REEF members are at the heart of our grassroots marine conservation programs. Over 60,000 divers, snorkelers, students, and armchair naturalists stand behind our mission.
This month we highlight Gerald Winkel, member since 2009. Gerald has conducted 243 surveys. Gerald lives and dives in California and he is a Level 4 Expert surveyor in the PAC region. Gerald has represented REEF at many dive shows and festivals over the years and is an active REEF Fish ID instructor. Here's what Gerald had to say about REEF:
When and how did you first volunteer with REEF or become a REEF member?
In February of 2009, I heard about Herb Gruenhagen's REEF presentation through the San Diego Ocean Foundation. After attending his amazing class, I was hooked and got progressively involved with REEF. I love sharing the wonders of the underwater world, be it teaching ID classes, conducting surveys, presenting at dive clubs or outreach at our local shows and events.
What inspires you to complete REEF surveys?
There's always something interesting on each dive, either a new sighting/behavior or even the absence of species. Being able to capture this in a survey and add to the database makes you feel part of something bigger.
What is your favorite part about being a REEF member?
Hanging out with other fish geeks! We have amazing volunteers who love to share their knowledge.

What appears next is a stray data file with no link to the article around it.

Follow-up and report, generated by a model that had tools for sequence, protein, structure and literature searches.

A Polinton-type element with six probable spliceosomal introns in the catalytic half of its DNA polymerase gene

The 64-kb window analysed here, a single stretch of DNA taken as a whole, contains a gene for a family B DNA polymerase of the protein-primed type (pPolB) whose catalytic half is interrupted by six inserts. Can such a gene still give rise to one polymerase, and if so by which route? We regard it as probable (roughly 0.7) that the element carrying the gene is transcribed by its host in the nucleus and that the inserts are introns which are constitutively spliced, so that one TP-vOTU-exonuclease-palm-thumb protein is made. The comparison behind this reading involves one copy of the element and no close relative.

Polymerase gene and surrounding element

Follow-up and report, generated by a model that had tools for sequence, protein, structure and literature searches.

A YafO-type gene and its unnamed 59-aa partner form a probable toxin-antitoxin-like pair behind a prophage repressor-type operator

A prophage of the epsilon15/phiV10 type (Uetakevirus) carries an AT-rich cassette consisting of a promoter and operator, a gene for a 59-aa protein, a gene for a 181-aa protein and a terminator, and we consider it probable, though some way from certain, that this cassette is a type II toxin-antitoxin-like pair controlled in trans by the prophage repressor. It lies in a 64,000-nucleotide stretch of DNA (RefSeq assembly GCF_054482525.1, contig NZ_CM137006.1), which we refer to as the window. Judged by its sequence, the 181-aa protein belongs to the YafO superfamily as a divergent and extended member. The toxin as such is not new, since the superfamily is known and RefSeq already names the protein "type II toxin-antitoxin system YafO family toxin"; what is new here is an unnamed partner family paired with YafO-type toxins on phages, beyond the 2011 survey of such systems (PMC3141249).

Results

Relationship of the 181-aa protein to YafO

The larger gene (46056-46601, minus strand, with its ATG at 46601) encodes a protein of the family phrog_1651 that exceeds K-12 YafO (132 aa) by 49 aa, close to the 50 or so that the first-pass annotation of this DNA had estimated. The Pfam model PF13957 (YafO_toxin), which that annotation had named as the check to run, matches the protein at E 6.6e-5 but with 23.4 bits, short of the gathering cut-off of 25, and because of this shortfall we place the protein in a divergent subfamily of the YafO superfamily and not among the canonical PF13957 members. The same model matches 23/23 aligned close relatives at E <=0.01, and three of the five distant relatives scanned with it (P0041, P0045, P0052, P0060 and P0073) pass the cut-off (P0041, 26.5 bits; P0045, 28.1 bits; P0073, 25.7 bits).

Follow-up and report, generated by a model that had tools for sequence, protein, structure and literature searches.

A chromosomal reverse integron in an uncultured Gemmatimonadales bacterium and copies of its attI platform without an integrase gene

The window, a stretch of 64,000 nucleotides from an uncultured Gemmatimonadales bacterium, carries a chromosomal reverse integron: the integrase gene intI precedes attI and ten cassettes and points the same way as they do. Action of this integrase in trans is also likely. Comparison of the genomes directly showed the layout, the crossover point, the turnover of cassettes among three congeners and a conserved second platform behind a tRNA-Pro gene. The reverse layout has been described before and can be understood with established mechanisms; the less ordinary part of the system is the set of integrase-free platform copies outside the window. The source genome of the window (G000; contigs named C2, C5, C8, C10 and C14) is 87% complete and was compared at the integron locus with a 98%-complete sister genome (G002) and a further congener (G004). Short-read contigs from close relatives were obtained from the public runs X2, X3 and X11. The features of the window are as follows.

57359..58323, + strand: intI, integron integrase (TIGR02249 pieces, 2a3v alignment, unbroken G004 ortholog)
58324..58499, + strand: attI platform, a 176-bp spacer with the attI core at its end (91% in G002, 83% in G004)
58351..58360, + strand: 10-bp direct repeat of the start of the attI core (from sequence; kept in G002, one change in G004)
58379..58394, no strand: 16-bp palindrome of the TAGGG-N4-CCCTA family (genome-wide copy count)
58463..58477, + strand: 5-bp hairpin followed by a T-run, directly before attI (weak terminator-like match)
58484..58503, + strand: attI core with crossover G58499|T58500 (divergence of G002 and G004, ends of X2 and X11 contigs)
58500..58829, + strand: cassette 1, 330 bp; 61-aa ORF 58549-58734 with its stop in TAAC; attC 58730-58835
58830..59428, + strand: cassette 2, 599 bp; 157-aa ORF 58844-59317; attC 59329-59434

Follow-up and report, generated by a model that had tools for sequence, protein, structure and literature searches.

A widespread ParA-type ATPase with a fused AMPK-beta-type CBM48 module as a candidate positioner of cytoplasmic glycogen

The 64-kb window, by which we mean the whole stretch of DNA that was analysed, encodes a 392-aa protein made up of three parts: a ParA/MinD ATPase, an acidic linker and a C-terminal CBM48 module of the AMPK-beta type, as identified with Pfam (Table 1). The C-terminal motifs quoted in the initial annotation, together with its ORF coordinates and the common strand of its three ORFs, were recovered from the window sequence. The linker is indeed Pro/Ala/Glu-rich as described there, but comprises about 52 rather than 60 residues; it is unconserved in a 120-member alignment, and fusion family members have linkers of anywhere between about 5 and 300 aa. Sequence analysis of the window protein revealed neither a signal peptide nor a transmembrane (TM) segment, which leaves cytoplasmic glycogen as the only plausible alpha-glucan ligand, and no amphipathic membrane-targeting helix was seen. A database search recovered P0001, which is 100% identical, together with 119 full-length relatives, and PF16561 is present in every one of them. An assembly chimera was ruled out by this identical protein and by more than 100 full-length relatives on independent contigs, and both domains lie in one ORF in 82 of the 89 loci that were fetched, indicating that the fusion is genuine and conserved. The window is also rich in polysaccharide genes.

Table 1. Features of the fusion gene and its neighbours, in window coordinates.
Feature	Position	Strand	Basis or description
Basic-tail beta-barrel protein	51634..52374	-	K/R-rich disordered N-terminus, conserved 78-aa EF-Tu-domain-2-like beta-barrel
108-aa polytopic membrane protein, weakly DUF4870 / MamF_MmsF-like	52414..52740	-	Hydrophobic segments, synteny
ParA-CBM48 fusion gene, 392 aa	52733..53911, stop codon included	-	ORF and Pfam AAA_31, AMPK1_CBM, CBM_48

In your opinion, what is the most important aspect of REEF's projects and programs?
Hands down, the staff and every member!
Where is your favorite place to dive and why?
With a day job in the desert, I'm pretty lucky to be only an hour away from the beach. Southern California has neither the warmest nor the clearest water but I love diving here.
What is the most fascinating fish encounter you've experienced?
One of my first dives after certification was the Manta Ray night dive in Kona, HI, which is to this day my favorite dive to remember.
What is your favorite fish or marine invertebrate? Why is it your favorite?
Our local Bat Ray is among my favorites. It looks like a creature from a different planet but is literally right under our noses/fins.
Do you have any surveying, fishwatching, or identification tips for REEF members?
Slow down, it's not a race!